Republicans take little action to stop Trump tariff trade war with China

As Trump has showed his opposition to the Corker proposal, the idea has gone nowhere in Congress. The top Republican in both the Senate as well as House have cast doubts on whether they will take up or pass a bill to check Trump’s ability to impose tariffs.

Last month, Senate Majority Leader Mitch McConnell called the legislation an “exercise in futility” because of the likely veto. House Speaker Paul Ryan also said last month in which he doubted the bill would likely overcome the president’s opposition.

Countries retaliating against Trump’s tariffs have targeted industries important to McConnell’s as well as Ryan’s home states of Kentucky as well as Wisconsin, respectively. Louisville, Kentucky-based Brown-Forman, the maker of Jack Daniel’s whiskey, said the idea will raise prices on some products in Europe in response to EU tariffs. Milwaukee, Wisconsin-based Harley-Davidson also announced the idea will move production of EU-bound motorcycles overseas in response to the duties.

On Wednesday, Ryan told reporters in which tariffs are not the “right way to go” to target alleged intellectual property theft by Chinese companies. Still, he said he does not want to “hamstring the president’s negotiating tactics” such as duties in which Trump is actually using to force trading partners to change their behavior.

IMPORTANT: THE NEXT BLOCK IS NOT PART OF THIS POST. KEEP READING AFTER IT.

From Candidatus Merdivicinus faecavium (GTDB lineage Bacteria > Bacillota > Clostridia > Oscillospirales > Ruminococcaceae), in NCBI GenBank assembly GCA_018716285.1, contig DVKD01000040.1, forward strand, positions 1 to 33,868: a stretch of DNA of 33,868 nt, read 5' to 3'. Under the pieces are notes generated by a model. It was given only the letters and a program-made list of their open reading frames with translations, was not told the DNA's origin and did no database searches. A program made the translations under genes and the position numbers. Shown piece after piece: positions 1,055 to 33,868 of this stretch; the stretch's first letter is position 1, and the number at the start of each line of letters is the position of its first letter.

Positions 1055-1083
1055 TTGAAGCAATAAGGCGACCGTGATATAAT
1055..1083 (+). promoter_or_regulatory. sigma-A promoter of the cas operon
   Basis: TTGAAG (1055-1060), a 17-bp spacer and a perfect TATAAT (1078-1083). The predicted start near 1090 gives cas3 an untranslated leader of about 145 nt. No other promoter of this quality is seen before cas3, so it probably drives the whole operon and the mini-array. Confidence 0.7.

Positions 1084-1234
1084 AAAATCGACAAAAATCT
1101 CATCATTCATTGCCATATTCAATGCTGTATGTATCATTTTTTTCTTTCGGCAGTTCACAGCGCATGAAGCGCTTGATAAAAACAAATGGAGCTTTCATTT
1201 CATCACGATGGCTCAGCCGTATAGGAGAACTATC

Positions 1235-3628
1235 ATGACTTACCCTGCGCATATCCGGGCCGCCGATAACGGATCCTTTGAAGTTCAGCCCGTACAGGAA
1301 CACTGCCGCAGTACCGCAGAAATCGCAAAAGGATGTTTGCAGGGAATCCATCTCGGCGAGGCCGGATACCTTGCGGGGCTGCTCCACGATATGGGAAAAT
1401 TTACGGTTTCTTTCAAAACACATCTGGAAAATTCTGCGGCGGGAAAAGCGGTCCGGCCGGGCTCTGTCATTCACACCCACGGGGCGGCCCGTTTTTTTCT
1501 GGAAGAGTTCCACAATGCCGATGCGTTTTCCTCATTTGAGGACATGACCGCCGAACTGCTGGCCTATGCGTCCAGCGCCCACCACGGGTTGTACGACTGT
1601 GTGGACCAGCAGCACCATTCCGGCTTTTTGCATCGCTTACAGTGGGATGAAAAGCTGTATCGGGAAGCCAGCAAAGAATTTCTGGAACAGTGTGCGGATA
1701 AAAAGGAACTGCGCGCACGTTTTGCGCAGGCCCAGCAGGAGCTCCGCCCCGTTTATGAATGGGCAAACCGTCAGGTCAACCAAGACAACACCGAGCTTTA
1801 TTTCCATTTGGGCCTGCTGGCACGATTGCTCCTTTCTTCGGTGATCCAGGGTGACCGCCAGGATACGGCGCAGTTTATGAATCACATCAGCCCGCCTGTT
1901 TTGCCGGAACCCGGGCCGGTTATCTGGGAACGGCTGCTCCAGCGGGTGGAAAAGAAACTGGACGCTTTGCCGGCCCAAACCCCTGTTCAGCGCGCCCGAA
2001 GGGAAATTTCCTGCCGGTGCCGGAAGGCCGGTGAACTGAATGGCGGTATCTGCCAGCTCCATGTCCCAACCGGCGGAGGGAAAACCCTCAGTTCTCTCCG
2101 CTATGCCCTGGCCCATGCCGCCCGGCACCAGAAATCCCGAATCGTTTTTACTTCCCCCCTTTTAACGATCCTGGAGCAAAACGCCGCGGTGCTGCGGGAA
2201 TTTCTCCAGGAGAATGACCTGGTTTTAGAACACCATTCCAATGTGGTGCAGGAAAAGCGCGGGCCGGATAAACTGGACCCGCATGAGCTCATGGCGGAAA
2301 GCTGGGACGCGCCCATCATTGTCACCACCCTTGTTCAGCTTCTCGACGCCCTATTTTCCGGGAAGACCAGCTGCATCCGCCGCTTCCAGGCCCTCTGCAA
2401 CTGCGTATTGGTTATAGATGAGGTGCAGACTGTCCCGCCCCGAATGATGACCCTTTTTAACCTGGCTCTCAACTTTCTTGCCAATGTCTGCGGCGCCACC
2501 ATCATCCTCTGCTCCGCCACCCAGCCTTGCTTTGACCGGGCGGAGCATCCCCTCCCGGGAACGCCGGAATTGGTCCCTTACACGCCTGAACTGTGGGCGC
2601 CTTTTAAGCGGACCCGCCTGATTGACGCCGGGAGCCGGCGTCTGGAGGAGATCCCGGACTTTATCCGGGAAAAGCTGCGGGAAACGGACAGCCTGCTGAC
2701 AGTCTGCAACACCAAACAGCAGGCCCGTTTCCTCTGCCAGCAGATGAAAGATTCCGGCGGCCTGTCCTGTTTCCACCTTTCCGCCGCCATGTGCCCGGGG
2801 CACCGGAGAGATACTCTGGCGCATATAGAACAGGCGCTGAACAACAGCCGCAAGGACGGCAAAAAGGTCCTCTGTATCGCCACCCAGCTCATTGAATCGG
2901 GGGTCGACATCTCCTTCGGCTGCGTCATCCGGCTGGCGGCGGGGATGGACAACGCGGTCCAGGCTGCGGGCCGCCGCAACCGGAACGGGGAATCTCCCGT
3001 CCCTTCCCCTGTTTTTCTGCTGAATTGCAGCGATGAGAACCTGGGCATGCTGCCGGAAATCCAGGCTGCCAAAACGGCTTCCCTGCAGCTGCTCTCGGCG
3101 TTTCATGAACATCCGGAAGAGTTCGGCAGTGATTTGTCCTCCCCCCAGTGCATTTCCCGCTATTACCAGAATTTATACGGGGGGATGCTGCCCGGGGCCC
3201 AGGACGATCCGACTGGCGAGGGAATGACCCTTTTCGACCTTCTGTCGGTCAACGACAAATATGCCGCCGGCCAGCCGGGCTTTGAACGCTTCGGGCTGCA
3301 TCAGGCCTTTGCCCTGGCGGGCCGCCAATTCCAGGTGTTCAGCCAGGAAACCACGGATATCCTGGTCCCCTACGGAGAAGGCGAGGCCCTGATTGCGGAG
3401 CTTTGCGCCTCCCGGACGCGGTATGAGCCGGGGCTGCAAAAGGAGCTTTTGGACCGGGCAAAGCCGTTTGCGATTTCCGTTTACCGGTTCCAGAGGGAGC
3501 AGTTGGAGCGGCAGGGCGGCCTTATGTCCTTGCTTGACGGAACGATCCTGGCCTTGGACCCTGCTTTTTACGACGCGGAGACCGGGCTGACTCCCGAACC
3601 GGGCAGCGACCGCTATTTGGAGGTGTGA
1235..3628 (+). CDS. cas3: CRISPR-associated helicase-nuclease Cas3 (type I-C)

Despite mounting congressional criticism, the White House appears intent on plowing ahead with tariffs. Trump aims to deter what he calls unfair tactics by major trading partners, arguing the duties will help to fix imbalances as well as protect American jobs.

The president won the White House in 2016 partly on pledges to fix trade deals in which he says punish U.S. workers. Many lawmakers by both parties agree with his push to revise trade deals — although some of those members of Congress have said his tariff actions have gone too far.

On Wednesday, the president defended his trade policy again. As he met with North Atlantic Treaty Organization members in Brussels, he tweeted in which he is actually “always thinking about our farmers.”

“I am fighting for a level playing field for our farmers, as well as will win!” he tweeted by Belgium.

Trump says duties imposed by foreign nations punished the American agricultural industry. However, farmers have raised concerns in which recent retaliatory tariffs on products such as soybeans will harm their businesses.

The president’s tweet came as soybean prices hovered near a 10-year low.

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